It doesn’t run. I guess it has a carburetor problem. I started the engine using start fluid, the fuel tank is very rust inside, the generator cover is cracked and leaking oil. I’ll remove the engine replace the gaskets make the tuneup repair the carburetors and let the engine running properly first.
 

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Discussion Starter #5
rage



Not a bad choice ! My shop is building a pair of 1982 GS1100E's for vintage racing (they are very similar to your GS750) they tend to be a wee bit heavy and the chassis will flex to some degree. The engines do make good power and there are parts around for those motorbikes as they were raced quite a bit. We did pick our motorbikes more for the racing history as the engines for those (1100cc) are much harder to find bits for as they were used as doners for a bunch of automobile racing classes and also motorbike drag racing.

As TR said first off make the basic bike run and run well. Do a leak down test and get it running and tuned. Then you will at least know what you will need to spend to get it the way you picture it ending up. It is very easy to spend your rupees making it look cool and racy only to find that you've created an expensive chunk of garage art.

Most important make sure you have some fun this not a way to increase your net worth but may very well be a way to improve your mental health. Cheers to you and have fun.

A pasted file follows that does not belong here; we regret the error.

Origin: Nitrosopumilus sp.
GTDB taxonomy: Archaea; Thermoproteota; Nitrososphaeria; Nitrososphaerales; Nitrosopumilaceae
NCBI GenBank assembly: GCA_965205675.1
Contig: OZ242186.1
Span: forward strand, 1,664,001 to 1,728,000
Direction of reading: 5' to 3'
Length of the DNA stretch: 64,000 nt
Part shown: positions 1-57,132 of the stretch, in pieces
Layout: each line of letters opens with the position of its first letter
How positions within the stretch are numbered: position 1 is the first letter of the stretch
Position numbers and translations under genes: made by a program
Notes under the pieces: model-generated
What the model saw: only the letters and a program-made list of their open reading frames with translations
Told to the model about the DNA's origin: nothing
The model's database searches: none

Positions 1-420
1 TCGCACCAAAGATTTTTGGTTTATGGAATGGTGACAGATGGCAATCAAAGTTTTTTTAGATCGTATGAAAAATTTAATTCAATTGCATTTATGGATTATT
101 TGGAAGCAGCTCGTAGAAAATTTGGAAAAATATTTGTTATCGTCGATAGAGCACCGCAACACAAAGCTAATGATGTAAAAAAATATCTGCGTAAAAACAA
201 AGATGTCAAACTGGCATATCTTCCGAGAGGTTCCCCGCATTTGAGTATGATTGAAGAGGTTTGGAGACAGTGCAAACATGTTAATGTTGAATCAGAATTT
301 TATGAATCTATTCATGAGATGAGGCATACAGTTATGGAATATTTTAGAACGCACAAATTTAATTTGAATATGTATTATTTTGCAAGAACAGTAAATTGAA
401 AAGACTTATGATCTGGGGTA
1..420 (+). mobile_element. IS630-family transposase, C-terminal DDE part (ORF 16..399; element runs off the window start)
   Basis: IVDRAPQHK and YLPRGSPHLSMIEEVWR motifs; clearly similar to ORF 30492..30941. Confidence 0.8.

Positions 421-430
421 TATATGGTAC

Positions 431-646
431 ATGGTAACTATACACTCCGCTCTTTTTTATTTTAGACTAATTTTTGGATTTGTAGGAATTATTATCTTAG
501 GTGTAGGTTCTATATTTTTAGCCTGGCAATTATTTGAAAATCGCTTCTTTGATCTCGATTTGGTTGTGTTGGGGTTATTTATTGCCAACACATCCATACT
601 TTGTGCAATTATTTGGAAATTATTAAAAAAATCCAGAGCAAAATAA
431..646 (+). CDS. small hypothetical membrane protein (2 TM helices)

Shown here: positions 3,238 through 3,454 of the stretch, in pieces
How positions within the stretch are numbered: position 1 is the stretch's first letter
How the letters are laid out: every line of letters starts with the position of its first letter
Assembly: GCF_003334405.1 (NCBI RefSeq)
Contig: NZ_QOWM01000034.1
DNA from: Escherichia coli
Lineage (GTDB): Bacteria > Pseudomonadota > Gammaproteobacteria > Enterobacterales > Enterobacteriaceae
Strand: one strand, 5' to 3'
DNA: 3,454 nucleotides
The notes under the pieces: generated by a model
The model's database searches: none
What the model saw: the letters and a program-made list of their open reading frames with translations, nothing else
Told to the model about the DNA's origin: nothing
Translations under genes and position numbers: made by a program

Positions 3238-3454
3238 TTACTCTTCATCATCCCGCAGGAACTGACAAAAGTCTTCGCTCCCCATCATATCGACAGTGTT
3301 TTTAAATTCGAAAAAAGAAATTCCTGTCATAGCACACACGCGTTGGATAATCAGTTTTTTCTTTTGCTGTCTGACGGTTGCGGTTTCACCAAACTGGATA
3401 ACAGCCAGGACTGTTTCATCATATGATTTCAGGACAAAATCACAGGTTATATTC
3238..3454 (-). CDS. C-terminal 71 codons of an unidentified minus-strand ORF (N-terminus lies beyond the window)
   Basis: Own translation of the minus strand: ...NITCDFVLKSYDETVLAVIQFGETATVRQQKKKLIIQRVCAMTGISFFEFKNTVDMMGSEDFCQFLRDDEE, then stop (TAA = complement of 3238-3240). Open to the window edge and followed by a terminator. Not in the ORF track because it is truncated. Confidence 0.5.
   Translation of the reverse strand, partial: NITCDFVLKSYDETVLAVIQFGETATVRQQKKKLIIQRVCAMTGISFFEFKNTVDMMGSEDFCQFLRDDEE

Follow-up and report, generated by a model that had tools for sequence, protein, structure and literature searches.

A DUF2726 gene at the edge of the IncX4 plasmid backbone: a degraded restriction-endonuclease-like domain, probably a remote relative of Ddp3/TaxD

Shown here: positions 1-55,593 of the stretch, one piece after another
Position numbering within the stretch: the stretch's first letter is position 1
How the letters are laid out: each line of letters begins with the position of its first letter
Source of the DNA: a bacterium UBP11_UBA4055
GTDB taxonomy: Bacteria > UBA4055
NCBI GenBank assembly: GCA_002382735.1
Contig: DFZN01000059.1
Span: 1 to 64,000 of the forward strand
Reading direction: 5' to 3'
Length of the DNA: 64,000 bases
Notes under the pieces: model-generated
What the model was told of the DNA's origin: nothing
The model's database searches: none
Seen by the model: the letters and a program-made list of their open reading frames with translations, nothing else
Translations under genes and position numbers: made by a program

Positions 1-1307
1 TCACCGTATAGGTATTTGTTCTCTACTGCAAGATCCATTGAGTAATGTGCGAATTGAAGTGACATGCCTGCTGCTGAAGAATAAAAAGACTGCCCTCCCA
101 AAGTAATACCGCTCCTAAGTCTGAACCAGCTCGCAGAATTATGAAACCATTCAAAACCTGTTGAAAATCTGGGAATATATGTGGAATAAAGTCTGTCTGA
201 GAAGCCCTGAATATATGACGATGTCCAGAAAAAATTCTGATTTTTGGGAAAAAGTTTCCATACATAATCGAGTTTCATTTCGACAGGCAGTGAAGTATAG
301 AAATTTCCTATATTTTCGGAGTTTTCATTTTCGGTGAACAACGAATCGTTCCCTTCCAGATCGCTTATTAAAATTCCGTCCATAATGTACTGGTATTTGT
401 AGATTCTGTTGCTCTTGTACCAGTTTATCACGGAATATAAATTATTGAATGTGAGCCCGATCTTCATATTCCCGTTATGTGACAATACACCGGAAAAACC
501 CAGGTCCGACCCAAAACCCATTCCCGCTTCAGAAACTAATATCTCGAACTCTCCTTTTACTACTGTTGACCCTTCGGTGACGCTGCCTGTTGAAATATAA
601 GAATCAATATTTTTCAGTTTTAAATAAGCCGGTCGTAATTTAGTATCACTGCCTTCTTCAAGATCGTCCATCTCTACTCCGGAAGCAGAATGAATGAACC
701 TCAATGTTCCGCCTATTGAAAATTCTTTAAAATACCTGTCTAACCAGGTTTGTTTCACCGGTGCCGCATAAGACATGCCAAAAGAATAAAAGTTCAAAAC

Thanks man. I’ll let the bike running first and see what I can do later. My intention for now is not spend too much money on it. I’m mechanic of cars, old cars more specific. This will be my first motorcycle experience I think it will be very fun.
 

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Thanks man. I’ll let the bike running first and see what I can do later. My intention for now is not spend too much money on it. I’m mechanic of cars, old cars more specific. This will be my first motorcycle experience I think it will be very fun.
Braga, I use some really good goop for cleaning and then cating the fuel tank. In fact I just coat all the tanks I wook on as most are vintage to some degree or the other and I don't want mung to in up in the fuel.

I can't recall the name of the maker but tomorrow I'll look in my paint shed and get a product name. This stuff is fairly thin and I've never had it peal or flake so I'm a fan.

Cheers
 

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I've heard nothing but bad things about lining fuel tanks with rubber like liquids. Not from the guys that did it, only from the guys that had to deal with removing it afterwards. ymmv.